Hiring Cybersecurity Staff Outside the 'IT Box'How Cyber Employees of Diverse Backgrounds Benefit Organizations
In an age when attacks are being waged by hacktivists, nation-states and cybercriminals, understanding the mindset of the attacker has become just as critical, in many cases, as understanding the technology and code behind the malware and network intrusions that drive today's attacks. That's why organizations should consider hiring cybersecurity staff outside the typical "IT box," says Jen Miller-Osborn, a threat intelligence analyst at security firm Palo Alto Networks.
Miller-Osborn says mitigating risks associated with today's advanced attacks requires broad thinking and cultural understanding. One of the unforeseen advantages of the so-called "brain-drain" in cybersecurity is that organizations have had to rethink how they hire staff, forcing them to think outside the IT box and hire employees that don't fit the traditional computer science mold. This forced push toward non-traditional thinking has actually benefited cybersecurity, she says.
A non-traditional cyber expert herself, Miller-Osborn says mitigating risks associated with today's advanced attacks requires broad thinking and cultural understanding.
"I was actually in the military," she says in this interview with Information Security Media Group. "I was in the Air Force, and I was a Chinese - Mandarin - linguist. I had a kind of non-traditional start into the field, where I started more focusing on a specific region and a language."
But because of her interest in computers, Miller-Osborn volunteered for a computer job within the military and was able to make a career out of cybersecurity by applying her varying skills.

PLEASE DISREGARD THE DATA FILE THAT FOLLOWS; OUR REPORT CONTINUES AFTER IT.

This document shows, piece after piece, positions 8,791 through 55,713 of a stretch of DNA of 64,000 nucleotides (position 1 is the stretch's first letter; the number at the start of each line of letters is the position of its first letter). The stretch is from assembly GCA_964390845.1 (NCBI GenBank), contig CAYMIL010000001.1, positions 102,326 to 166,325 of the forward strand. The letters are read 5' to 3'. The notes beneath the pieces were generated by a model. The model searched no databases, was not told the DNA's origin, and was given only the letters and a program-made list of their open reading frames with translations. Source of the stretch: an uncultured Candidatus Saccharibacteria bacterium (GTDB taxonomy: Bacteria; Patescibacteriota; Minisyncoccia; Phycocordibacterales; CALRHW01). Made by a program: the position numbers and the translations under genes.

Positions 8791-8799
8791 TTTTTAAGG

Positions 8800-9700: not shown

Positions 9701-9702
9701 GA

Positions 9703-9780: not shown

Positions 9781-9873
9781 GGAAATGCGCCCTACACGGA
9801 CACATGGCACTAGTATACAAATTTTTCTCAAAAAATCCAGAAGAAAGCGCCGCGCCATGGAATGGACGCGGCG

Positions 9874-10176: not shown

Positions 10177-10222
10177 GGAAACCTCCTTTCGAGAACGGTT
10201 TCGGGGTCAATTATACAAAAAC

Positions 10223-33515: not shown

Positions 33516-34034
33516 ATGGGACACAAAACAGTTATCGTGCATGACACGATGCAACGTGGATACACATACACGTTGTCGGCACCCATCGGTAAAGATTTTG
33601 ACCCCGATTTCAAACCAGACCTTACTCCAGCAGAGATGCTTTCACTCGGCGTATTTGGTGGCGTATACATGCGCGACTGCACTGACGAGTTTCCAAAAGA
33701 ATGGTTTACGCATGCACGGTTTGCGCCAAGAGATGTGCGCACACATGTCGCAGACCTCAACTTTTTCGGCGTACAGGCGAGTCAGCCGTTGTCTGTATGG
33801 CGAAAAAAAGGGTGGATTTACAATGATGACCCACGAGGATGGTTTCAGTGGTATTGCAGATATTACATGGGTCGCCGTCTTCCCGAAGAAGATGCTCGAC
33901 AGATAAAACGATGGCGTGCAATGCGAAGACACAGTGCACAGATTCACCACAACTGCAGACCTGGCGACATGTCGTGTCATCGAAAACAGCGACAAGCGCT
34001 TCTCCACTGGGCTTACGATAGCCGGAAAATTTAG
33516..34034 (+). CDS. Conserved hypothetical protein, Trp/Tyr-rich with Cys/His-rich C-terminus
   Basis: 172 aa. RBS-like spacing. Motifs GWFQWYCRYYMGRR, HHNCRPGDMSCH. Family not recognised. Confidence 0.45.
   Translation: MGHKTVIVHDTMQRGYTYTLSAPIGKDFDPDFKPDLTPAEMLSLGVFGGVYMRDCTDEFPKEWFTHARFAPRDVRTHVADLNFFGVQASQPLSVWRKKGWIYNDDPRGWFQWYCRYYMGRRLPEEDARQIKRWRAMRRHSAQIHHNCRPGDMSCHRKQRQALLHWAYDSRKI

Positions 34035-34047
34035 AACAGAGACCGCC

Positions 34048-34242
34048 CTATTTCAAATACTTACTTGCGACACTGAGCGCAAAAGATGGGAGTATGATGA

"Typically what you see are people who have...a computer science background or a more technical background, and I got into this coming from studying a language," she says. "But I've found that - and I've noticed now - some companies are looking to branch out and hire different people; so they're looking more for people that have that kind of different background, where it adds a skillset that brings value. They understand the politics of a region; they understand some of the international relations aspects; they understand the culture. And when you have people that have that sort of background ... you can get really a more rich understanding of why things are happening and even why some of the trends are occurring."
During this interview, Miller-Osborn also discusses:
- How companies have changed the ways they train IT security professionals;
- Why having more minorities, such as women and people of different ethnicities, benefits cybersecurity teams;
- How resources available to candidates interested in cybersecurity have greatly expanded in recent years, encouraging more diverse players to join the cyber job market.
For more than 10 years, Miller-Osborn has worked in cyberthreat intelligence and served as a subject matter expert to multiple U.S. federal agencies. She has influenced national cybersecurity policies and regularly briefs at all levels of government. Her focus is detecting, identifying and differentiating between cyber-espionage and cybercrime actors and groups. A veteran of the U.S. Air Force, she is fluent in Mandarin Chinese and holds several degrees and technical certifications.